The Equity Factor

In New England, Students Train for Blue-Collar Work Adapted for the New Age

Twenty-two years into a forward-thinking jobs training program in Cambridge, there’s a lesson in how to leverage high-growth industries to benefit lower-income residents.

A recent graduating class from Just-a-Start’s Biomed Careers Training Program

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In 2001, Steven Jones walked into the Cambridge Biomed Careers training classroom, 42 years old and unemployed. He had been out of school for 24 years, and had worked in customer service for nearly that long before being laid off. Jones knew nothing about biomedicine, and he knew nobody in the industry. Today, Jones holds the title of lead protein purification technician at Shire Pharmaceuticals.

In a time of skills gaps and hollowed-out middle-class jobs, Jones’ story plays out almost like how we dream it would. Here is someone whose previous work was being outsourced to overseas, and who had no connections or entrée into the knowledge economy. Through training and education, he was able to secure a stable career in pharmaceutical manufacturing — blue-collar work adapted for the new age. Jones’ experience serves as an instructive example of what it takes to successfully leverage high-growth industries to benefit lower-income residents.

The Biomed Careers Training Program is run by Just-a-Start, a local non-profit offering a broad range of services. It was established in 1992 in response to the burgeoning biotech sector in Cambridge and Greater Boston. As an early attempt to tailor workforce training and economic development to specific regional strengths, the program was really ahead of the curve at the time.

In the past 22 years, it has carved out a small but successful niche for itself. The half-classroom, half-lab course prepares students for a variety of positions, but is especially geared toward the day-to-day lab work of pharmaceutical manufacturing. It accepts 20 to 30 students per year, and boasts a 77 percent placement rate in biomedical, including with nearby industry giants like Genzyme and Novartis. Average starting salaries for the most recently placed graduates is $35,000, with benefits and career advancement opportunities.

Compared to similar types of courses offered at community colleges, the program enjoys a distinct advantage by being only nine months long, five hours a day, for five days a week. This helps low-income individuals find jobs fast, while also allowing them to work while going to school.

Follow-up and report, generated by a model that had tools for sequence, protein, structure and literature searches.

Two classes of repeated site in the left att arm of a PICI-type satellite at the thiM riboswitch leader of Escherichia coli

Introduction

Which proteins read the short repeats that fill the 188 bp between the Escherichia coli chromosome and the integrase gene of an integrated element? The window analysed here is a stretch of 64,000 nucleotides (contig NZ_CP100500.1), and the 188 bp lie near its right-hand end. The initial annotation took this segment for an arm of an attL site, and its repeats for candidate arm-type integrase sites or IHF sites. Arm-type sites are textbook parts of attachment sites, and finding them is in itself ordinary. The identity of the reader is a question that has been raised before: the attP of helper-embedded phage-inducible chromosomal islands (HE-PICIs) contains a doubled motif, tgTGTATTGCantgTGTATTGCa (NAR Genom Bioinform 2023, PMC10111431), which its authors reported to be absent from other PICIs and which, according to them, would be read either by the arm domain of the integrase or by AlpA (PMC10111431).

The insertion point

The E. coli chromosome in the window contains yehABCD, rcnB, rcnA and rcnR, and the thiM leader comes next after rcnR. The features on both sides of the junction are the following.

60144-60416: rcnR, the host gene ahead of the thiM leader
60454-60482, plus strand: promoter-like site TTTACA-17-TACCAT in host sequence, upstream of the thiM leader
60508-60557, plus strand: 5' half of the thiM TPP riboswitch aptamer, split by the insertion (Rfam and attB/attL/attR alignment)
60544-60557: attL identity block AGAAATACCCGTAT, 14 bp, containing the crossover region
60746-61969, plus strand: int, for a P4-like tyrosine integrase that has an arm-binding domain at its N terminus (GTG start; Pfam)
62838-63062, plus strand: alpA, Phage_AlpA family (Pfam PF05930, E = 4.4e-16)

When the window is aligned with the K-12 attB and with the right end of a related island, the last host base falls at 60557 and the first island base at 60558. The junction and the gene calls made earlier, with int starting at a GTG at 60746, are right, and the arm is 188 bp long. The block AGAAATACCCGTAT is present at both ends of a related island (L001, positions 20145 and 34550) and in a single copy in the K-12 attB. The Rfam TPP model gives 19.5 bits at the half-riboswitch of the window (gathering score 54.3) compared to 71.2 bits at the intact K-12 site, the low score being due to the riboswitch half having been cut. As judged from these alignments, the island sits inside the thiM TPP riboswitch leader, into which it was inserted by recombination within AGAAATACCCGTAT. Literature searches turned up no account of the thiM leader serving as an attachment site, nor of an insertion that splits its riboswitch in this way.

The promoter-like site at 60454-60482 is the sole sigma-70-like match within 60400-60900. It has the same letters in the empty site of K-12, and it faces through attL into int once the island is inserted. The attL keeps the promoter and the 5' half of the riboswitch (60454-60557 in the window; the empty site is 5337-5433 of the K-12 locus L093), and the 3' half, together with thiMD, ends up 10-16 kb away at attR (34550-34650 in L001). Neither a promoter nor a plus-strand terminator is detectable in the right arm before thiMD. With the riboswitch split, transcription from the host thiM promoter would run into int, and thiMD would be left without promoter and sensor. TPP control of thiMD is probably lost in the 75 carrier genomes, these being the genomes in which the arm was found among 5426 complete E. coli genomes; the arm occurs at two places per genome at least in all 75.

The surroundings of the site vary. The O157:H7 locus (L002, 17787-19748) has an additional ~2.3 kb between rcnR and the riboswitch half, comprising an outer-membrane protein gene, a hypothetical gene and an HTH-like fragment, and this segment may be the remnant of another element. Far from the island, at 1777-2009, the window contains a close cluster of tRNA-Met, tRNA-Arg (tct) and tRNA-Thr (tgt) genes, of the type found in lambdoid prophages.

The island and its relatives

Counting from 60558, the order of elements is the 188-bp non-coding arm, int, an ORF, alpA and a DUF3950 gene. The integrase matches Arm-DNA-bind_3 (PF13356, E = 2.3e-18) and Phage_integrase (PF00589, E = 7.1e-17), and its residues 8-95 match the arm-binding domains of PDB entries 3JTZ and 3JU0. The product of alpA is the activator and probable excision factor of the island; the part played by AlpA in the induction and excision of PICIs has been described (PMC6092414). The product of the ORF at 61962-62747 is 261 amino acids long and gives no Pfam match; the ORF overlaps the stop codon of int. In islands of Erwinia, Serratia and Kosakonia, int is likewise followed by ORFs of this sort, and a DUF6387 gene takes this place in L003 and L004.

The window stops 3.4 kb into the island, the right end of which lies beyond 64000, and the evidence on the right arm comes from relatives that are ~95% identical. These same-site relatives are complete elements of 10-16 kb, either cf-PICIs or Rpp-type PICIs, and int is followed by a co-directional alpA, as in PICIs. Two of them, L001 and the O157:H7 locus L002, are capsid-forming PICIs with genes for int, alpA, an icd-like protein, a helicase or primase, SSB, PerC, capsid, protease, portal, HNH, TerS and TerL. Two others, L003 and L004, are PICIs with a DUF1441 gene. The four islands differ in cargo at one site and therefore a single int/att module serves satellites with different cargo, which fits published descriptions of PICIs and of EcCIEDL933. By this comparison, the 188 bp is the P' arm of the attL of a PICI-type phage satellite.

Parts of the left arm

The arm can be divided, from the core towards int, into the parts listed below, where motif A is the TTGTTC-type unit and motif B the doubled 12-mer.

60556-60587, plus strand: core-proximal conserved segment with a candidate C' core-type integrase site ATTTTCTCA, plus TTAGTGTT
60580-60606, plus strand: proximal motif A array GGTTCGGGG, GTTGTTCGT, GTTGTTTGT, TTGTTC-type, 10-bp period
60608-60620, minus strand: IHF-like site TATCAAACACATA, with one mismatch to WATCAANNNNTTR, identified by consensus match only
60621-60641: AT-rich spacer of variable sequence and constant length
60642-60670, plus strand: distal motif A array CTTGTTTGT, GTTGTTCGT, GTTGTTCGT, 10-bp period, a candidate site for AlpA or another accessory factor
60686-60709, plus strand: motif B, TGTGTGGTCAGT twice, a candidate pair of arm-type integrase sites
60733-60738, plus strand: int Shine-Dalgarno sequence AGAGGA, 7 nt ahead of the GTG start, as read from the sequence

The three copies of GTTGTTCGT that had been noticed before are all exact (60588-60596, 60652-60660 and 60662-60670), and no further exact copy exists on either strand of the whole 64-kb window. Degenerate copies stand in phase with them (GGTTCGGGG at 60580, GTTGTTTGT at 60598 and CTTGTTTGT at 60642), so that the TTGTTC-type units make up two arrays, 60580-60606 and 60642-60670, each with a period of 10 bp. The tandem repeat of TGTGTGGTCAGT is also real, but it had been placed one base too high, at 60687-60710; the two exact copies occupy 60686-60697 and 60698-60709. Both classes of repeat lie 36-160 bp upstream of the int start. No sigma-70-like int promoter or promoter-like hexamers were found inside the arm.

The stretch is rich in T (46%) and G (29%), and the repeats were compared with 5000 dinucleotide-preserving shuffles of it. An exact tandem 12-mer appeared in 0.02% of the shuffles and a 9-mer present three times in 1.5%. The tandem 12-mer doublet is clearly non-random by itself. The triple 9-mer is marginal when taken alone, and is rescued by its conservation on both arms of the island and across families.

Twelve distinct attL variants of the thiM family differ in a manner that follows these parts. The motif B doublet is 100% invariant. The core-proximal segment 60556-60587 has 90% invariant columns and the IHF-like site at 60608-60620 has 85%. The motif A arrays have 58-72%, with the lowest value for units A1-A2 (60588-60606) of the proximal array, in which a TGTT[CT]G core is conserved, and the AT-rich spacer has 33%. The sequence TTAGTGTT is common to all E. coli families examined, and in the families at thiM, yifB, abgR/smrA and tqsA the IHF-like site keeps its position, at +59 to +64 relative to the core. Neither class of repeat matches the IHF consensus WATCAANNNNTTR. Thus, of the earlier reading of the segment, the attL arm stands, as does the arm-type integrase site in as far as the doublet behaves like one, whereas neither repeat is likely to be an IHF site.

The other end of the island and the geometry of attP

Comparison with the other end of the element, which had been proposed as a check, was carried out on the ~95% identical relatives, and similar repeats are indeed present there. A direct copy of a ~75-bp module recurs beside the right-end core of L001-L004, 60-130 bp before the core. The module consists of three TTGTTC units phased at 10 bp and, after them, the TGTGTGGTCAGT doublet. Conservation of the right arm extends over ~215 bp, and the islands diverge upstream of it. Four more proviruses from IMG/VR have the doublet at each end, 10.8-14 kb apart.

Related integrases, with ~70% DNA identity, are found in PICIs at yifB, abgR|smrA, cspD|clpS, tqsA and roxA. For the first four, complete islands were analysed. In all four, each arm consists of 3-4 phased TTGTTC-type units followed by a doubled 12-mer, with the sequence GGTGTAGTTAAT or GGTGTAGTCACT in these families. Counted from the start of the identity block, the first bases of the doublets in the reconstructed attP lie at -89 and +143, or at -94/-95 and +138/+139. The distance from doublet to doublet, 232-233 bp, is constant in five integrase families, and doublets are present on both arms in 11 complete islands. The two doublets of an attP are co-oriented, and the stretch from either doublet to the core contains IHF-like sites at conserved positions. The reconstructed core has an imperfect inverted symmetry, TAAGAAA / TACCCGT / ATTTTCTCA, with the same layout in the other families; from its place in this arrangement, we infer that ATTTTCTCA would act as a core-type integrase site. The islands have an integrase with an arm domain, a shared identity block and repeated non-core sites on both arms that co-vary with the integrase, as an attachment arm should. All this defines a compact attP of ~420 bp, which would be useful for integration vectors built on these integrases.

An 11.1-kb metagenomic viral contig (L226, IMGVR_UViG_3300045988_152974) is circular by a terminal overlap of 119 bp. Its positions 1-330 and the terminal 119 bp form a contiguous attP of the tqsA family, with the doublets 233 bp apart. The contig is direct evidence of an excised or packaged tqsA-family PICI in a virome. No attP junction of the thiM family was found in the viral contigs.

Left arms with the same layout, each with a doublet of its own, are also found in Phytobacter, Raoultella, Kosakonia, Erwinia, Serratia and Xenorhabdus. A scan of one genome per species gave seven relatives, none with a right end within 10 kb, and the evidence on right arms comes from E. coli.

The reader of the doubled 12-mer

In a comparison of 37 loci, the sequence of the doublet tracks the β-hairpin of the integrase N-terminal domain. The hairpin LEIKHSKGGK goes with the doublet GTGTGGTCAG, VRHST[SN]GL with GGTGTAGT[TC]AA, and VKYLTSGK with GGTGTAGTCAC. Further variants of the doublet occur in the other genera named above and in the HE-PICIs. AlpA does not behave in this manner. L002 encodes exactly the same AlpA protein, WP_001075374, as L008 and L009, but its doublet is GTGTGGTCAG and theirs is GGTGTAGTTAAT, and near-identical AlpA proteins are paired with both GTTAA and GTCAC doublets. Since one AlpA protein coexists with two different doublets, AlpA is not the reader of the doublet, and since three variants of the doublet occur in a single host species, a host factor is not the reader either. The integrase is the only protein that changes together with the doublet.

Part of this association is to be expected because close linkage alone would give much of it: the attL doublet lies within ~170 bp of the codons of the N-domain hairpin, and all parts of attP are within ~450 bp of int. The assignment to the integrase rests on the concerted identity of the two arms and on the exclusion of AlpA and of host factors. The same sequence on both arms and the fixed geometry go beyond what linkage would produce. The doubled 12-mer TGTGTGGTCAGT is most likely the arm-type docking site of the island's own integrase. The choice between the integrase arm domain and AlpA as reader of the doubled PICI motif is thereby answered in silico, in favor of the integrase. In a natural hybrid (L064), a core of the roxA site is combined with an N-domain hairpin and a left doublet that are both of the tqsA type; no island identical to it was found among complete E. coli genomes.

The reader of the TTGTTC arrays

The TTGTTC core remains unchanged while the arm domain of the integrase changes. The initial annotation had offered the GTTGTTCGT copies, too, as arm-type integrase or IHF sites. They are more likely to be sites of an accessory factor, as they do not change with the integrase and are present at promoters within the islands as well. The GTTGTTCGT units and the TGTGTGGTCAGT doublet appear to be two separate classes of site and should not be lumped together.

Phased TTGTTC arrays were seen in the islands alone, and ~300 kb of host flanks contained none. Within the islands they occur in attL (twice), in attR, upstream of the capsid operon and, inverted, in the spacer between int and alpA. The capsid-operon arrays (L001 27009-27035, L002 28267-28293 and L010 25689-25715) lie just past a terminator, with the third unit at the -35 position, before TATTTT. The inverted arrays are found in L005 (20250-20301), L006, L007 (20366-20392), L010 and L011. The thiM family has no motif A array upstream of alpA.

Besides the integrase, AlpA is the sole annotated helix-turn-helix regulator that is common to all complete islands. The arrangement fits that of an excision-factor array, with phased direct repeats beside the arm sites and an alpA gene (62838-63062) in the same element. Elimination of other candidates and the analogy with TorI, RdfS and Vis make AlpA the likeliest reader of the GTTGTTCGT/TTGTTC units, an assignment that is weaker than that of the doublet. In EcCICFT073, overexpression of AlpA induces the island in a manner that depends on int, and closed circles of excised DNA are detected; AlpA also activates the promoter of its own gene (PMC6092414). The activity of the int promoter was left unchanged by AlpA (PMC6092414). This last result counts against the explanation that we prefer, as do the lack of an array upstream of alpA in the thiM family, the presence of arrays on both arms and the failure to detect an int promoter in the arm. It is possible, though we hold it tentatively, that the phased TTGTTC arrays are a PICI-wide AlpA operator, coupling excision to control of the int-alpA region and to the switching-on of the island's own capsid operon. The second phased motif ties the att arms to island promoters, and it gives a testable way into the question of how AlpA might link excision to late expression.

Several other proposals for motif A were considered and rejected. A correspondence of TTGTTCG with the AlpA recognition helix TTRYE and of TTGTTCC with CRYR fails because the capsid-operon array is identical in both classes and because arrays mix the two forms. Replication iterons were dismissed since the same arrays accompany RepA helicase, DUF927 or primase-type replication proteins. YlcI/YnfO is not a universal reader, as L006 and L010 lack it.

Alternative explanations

The program is also free and funded completely through grants. A portion of the funding comes from the City of Cambridge, and so about 10 seats are reserved for residents of the City of Cambridge. Individual Training Account (ITA) funds from the federal Workforce Investment Act cover some of the others, and JAS works to raise private funds to maintain the program.

The size of the program is certainly a limitation, as the demand for the program far outstrips its capacity. Every year the program receives about 200 solicitations for the 20 to 30 spots. The students are mostly low-income residents from the immediate area, and they take basic tests in reading and mathematics and go through a personal interview. Many accepted students are immigrants who might have had some relevant education in their home countries. But while prior knowledge is helpful, it is not required. According to Jennifer O’Donnell, the director of the program, the best candidates have been defined by their maturity, persistence and fit for the day-to-day labor of the industry.

In many ways, the program works because of the small class size and the personal support that allows. “Since the downturn, we’ve found our students competing more and more with candidates with bachelor’s degrees for the same jobs,” said O’Donnell. “Our longtime presence, relationship with employers in the area, and network of more than 400 alumni are essential in connecting graduates with job opportunities.”

Indeed, the success of the program seems to depend greatly on the specific characteristics of Cambridge, the thriving biotech and healthcare sectors, and the support infrastructure of the immediate area. “The Biomed program was possible because we were very uniquely situated,” said Deborah Ruhe, the executive director of Just-a-Start. Carefully cultivated relationships with local employers and the continued strong job growth projections of the Greater Boston area cannot be so easily approximated elsewhere.

More than that, the favorable circumstances of the Biomed program also raise the question of what other requirements a community must fulfill before it has a good shot at this kind of economic development. Cambridge has good job prospects, but it also has generous government funding, established non-profit organizations, high-quality affordable housing, safe neighborhoods and good schools. It’s no coincidence that in addition to workforce training, Just-a-Start is very involved in housing development, homeowner assistance and youth-building initiatives.

For a training program to be more than a training program but a step on the path to real upward mobility, it takes a combination of social and economic factors working in tandem. In a way, what the Cambridge Biomed program really shows is just how many things need to go right.

The Equity Factor is made possible with the support of the Surdna Foundation.

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Jefferson Mao is an urban planning graduate student. He blogs sporadically at Flushing Exceptionalism.

Tags: jobscambridge

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